Petting a guinea pig and talking to it in a soothing voice are other ways to calm this pet in order to trim its nails. If you find your pet responds to music playing quietly on the radio, then put on some music.
If possible, sit on the floor when trimming your guinea pig’s nails. The pet may feel more at ease near the floor as opposed to being up on a table or on a bathroom countertop. In addition, being on the floor means if the guinea pig were to slip out of your hands, it wouldn’t fall a long way and hurt itself.
Think about holding your guinea pig in a soft towel while you do the nail clipping work. Your guinea pig may feel more secure if its body is partially wrapped in soft fabric. Another advantage to holding your guinea pig in a towel is it may shed some of its hair during the process. Guinea pigs along with other animals shed some fur when they are nervous. The towel prevents too much fur from getting on your clothing. But, of course, the goal is to soothe the guinea pig to a point where it doesn’t shed much hair.
Every guinea pig is different, so it’s smart to try a variety of methods to see which ones put your pet most at ease. Once you find out what works best for your pet, it can make the nail clipping process a lot easier for both of you.
How Often Do I Trim a Guinea Pig’s Nails?
As a general rule, nail clipping should be done once a month. Of course, one owner may need to clip their guinea pig’s nails more often.
One way to tell if a guinea pig’s nails are too long is to give them a quick visual exam. Are the ends starting to curl back beneath the pet’s feet? This is a sure sign that nail clipping is needed. In fact, if the nails are starting to curl into their feet, the guinea pig may start to limp or run around in an awkward way. This is because the end of one or more of its nails is pressing into the sensitive pads of its feet.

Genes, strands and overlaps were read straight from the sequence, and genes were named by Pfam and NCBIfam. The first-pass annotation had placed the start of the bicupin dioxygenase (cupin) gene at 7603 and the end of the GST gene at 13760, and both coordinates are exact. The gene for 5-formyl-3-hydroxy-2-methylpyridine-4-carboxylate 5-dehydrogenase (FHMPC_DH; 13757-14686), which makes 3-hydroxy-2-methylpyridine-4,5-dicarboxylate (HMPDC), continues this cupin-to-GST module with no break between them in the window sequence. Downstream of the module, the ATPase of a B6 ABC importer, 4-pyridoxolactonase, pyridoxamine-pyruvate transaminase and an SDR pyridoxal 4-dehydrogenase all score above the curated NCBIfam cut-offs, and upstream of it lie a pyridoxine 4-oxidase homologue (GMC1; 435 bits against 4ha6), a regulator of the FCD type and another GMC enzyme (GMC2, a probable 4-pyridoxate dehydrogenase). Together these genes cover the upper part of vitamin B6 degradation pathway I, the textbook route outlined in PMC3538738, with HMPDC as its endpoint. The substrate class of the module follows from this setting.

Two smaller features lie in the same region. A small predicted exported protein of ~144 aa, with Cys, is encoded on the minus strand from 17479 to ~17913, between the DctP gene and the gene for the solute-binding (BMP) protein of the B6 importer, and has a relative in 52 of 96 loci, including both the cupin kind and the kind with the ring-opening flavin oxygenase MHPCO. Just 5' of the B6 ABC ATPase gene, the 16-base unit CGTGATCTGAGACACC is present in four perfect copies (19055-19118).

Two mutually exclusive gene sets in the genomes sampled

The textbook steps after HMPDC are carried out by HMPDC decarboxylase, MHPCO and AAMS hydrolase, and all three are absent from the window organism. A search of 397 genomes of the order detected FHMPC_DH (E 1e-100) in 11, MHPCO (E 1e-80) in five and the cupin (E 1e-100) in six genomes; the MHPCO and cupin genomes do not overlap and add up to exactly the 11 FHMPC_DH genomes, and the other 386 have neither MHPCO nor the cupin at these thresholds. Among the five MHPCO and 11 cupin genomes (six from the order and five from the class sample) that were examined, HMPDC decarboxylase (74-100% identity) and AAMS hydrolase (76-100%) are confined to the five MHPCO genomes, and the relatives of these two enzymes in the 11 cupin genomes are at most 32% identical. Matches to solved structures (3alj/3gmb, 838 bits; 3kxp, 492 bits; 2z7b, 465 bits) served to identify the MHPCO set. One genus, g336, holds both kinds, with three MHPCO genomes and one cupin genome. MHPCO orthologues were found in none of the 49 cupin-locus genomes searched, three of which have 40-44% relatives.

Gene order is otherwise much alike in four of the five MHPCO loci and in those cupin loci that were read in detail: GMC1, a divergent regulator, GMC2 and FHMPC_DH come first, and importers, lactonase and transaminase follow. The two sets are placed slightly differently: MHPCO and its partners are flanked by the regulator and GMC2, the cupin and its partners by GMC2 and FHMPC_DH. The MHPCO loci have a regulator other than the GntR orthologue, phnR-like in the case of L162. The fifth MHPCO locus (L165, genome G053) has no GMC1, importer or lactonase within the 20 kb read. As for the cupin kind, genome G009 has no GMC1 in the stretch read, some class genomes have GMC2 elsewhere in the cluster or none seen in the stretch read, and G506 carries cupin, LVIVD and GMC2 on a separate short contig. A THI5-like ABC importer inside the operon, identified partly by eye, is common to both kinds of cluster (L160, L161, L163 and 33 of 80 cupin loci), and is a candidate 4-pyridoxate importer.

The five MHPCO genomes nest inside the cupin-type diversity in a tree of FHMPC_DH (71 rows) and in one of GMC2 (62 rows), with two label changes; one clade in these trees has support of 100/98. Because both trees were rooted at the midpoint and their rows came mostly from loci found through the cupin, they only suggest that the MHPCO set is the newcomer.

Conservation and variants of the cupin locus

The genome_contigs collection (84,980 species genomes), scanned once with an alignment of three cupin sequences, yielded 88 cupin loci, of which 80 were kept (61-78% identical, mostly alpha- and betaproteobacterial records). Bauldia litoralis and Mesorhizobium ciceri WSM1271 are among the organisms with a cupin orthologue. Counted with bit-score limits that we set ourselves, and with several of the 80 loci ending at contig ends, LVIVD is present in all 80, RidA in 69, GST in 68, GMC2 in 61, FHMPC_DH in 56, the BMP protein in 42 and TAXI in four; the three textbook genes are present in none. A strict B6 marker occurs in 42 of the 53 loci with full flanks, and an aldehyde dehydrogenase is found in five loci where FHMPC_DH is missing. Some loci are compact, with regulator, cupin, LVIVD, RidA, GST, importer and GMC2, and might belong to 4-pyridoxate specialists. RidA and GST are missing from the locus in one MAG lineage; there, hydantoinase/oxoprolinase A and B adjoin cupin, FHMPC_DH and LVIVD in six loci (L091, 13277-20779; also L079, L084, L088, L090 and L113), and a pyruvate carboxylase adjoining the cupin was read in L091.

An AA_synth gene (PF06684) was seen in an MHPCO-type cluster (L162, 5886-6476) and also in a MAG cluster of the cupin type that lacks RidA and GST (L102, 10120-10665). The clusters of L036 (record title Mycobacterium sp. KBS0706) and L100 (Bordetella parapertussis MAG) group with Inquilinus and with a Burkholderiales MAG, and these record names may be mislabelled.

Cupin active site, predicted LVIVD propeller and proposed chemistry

A second way to determine whether nail clipping is needed is to watch for snags. A guinea pig may snag one of its nails on a piece of fleece cloth used as bedding in its cage. This is a sign its nails are getting too long.
If you see a guinea pig biting or pulling at its nails, this is a sign they are getting too long and need a trim. Biting or pulling at the nail means the pet is trying to solve the issue itself.
What Should I Do if I Cut Too Close to the Quick of the Nail?
Unfortunately, it’s easy to cut into the quick of a guinea pig’s nail. This can happen as a result of rushing the process or not being able to see the quick clearly inside a darker nail. Cutting the quick of the nail causes some bleeding and a bit of pain for the guinea pig. If this happens there are some steps to take to stop the bleeding.
First, gently hold a soft cloth or paper towel up to the nail to slow the bleeding. Next, apply styptic powder to the injured nail. This is done by pouring a little of the powder into a shallow bowl and dipping the pet’s nail into it. It’s best to put the powder in its own bowl as opposed to trying to put the animal’s nail in the actual container of styptic powder. Styptic powder is designed to make blood vessels contract or close, to stop the bleeding. Not only does it stop the bleeding, but it also stops bacteria from entering the wound. Styptic powder can be found in most pet supply stores and even online.